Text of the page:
sudo systemctl enable rfcomm
sudo systemctl restart rfcomm

Once you have started this service, the Raspberry Pi Zero W should begin advertising itself for pairing via Bluetooth.

Connecting to the Raspberry Pi Zero W via Bluetooth

This section makes the assumption that you will be connecting from a Windows 10 PC. The instructions that follow this section can likely be adapted for other platforms as well but those platforms are not in scope for this article.

Pairing to the Raspberry Pi Zero W

To pair your Windows 10 computer to the Raspberry Pi, follow the instructions below:

1. Identify the “Type hear to search” at the bottom of the screen

Figure. – Screenshot of the Windows 10 Search Bar

2. Type “bluetooth” | Select “Bluetooth and Other Devices Settings”

Figure. – Screenshot of the “Bluetooth and Other Devices Settings” option

3. Click on “Add Bluetooth or other device”

Figure. – Screenshot of the bluetooth settings dialog box

4. Click on “Bluetooth”

Figure. – Screenshot of the “Add a device” dialog box highlighting “Bluetooth” selection

5. Identify the bluetooth name (i.e. raspberrypi) of your Raspberry Pi Zero W [Please Note: It can take up to one minute for the raspberrypi to be detected by your computer.]

Figure. – Screenshot of the “Add a device” dialog box showing “raspberrypi”

6. Click on the “rasberrypi” and confirm setup

Figure. – Screenshot of “Add a device” dialog box showing successful pairing to raspberry pi

Confirm COM port for Bluetooth Connectivity

Once the Raspberry Pi Zero W has successfully been connected to the Windows computer, a COM port needs to be identified for connectivity to the terminal server on the Raspberry Pi. To determine this, follow the instructions below:

1. Under the “Bluetooth & other devices” dialog box | Scroll to the Bottom | Select “More Bluetooth Options”

Figure. – Screenshot of the “Bluetooth & other devices” dialog box highlighting “More Bluetooth options”

2. When the “Bluetooth Settings” dialog box appears | Click on the “COM Ports” tab

Figure. – Screenshot of the “Bluetooth Settings” dialog box with “COM Ports” highlighted

3. Identify (and take note of) the COM port used for the “outgoing” communication to the Raspberry Pi Zero W. [Please Note: The COM port should be set up automatically, if it does not, un-pair and re-pair your Raspberry Pi Zero W to the Windows PC]

Figure. – Screenshot of the COM Port used for outgoing communication to Raspberry Pi

4. Click “OK” to close the dialog box

Connecting to the Raspberry Pi Console via Terminal Emulator (i.e. Putty)

Once you have identified the COM port that the Raspberry Pi Zero W is connected on, you can use a terminal emulator to connect to it. In this example, Putty is used.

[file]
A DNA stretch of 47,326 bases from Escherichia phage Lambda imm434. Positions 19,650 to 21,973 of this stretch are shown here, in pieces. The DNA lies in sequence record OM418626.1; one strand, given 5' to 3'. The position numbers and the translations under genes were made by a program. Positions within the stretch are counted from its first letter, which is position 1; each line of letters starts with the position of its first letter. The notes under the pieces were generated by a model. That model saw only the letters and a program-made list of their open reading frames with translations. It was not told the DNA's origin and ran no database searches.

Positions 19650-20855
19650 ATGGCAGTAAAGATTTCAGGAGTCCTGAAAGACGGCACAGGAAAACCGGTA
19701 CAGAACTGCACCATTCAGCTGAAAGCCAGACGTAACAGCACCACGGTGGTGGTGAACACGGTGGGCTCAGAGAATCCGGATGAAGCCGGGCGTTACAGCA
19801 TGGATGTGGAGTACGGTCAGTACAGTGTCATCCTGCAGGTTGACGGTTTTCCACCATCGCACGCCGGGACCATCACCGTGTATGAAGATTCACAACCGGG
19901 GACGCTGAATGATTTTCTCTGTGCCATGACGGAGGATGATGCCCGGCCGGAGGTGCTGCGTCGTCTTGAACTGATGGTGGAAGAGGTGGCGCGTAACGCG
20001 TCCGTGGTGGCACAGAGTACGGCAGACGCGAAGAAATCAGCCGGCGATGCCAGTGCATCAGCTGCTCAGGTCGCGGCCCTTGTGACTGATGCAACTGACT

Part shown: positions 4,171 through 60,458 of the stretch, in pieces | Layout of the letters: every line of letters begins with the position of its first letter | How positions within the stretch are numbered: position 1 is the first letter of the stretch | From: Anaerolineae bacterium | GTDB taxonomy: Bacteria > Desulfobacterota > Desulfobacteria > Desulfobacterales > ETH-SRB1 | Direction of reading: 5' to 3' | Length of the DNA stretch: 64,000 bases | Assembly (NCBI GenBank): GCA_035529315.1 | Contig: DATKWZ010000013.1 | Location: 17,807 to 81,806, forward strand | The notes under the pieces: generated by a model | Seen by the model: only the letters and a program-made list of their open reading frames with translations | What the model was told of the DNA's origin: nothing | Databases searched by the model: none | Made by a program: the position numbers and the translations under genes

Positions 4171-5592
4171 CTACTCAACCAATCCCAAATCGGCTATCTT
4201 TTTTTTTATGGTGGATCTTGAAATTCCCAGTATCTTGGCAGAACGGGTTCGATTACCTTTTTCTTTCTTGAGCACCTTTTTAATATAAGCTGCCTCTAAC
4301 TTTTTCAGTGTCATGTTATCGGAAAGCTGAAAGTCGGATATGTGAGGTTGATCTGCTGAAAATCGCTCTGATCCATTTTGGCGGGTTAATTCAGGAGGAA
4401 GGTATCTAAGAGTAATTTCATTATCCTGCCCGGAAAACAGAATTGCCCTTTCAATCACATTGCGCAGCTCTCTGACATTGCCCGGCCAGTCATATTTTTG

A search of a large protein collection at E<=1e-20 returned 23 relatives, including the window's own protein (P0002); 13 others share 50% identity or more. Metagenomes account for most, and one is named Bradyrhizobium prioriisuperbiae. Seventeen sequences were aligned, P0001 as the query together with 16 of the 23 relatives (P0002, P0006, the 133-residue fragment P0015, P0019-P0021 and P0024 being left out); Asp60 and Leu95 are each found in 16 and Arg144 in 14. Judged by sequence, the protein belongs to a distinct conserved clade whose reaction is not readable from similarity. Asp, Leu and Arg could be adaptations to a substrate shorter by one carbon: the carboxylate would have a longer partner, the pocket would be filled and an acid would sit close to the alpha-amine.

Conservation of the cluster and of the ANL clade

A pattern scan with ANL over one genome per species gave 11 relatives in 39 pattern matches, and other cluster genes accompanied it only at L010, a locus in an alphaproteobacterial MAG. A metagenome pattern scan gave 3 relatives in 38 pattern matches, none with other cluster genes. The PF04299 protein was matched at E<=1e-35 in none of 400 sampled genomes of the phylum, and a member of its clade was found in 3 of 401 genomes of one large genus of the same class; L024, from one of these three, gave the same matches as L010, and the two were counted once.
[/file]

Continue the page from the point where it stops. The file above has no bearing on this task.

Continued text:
1. Open PuTTY | Select “Serial”

Figure. – Screenshot of PuTTY application with “Serial” option highlighted

2. Set the serial connectivity options depending on what was mapped on Windows | Click “Open”:

In this example:

COM = COM6

Speed = 115200

Figure. – Screenshot of PuTTY with COM settings defined to connect to Raspberry Pi

3. Once the console pops up, log in with the default credentials for Raspberry Pi (pi/raspberry)

Figure. – Screenshot of PuTTY after logging into Raspberry Pi via Bluetooth

At this point, you can continue from the rest of the procedures laid out in the Create a Wireless Console Server with Raspberry Pi Zero W to connect to the console of whatever device you want to manage.

If you have made it this far in the article, here’s your reward. As part of the original article provided Patrick Hundal, he provides a script that you can create and execute on the Raspberry Pi to automatically handle many of the configuration tasks for the Raspberry Pi. Here is a copy of his script below:

#!/bin/bash -e

#Edit the display name of the RaspberryPi so you can distinguish
#your unit from others in the Bluetooth console
#(very useful in a class setting)

echo PRETTY_HOSTNAME=raspberrypi > /etc/machine-info

# Edit /lib/systemd/system/bluetooth.service to enable BT services
sudo sed -i: 's|^Exec.*toothd$| \
ExecStart=/usr/lib/bluetooth/bluetoothd -C \
ExecStartPost=/usr/bin/sdptool add SP \
ExecStartPost=/bin/hciconfig hci0 piscan \
|g' /lib/systemd/system/bluetooth.service

# create /etc/systemd/system/rfcomm.service to enable 
# the Bluetooth serial port from systemctl
sudo cat <<EOF | sudo tee /etc/systemd/system/rfcomm.service > /dev/null
[Unit]
Description=RFCOMM service
After=bluetooth.service
Requires=bluetooth.service

[Service]
ExecStart=/usr/bin/rfcomm watch hci0 1 getty rfcomm0 115200 vt100 -a pi

[Install]
WantedBy=multi-user.target
EOF

# enable the new rfcomm service
sudo systemctl enable rfcomm

# start the rfcomm service
sudo systemctl restart rfcomm

I hope this article further enhances the capabilities of your Raspberry Pi Zero W. Please let me know your thoughts on this in the comments below!

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Ken Skier

Excellent! Beautifully detailed and clear.
I will try this to allow me to interact eith my headless pi zero w’s in the field, from an Android phone…
…without having to start a mobile hotspot on my AndroId phone.
Thank you!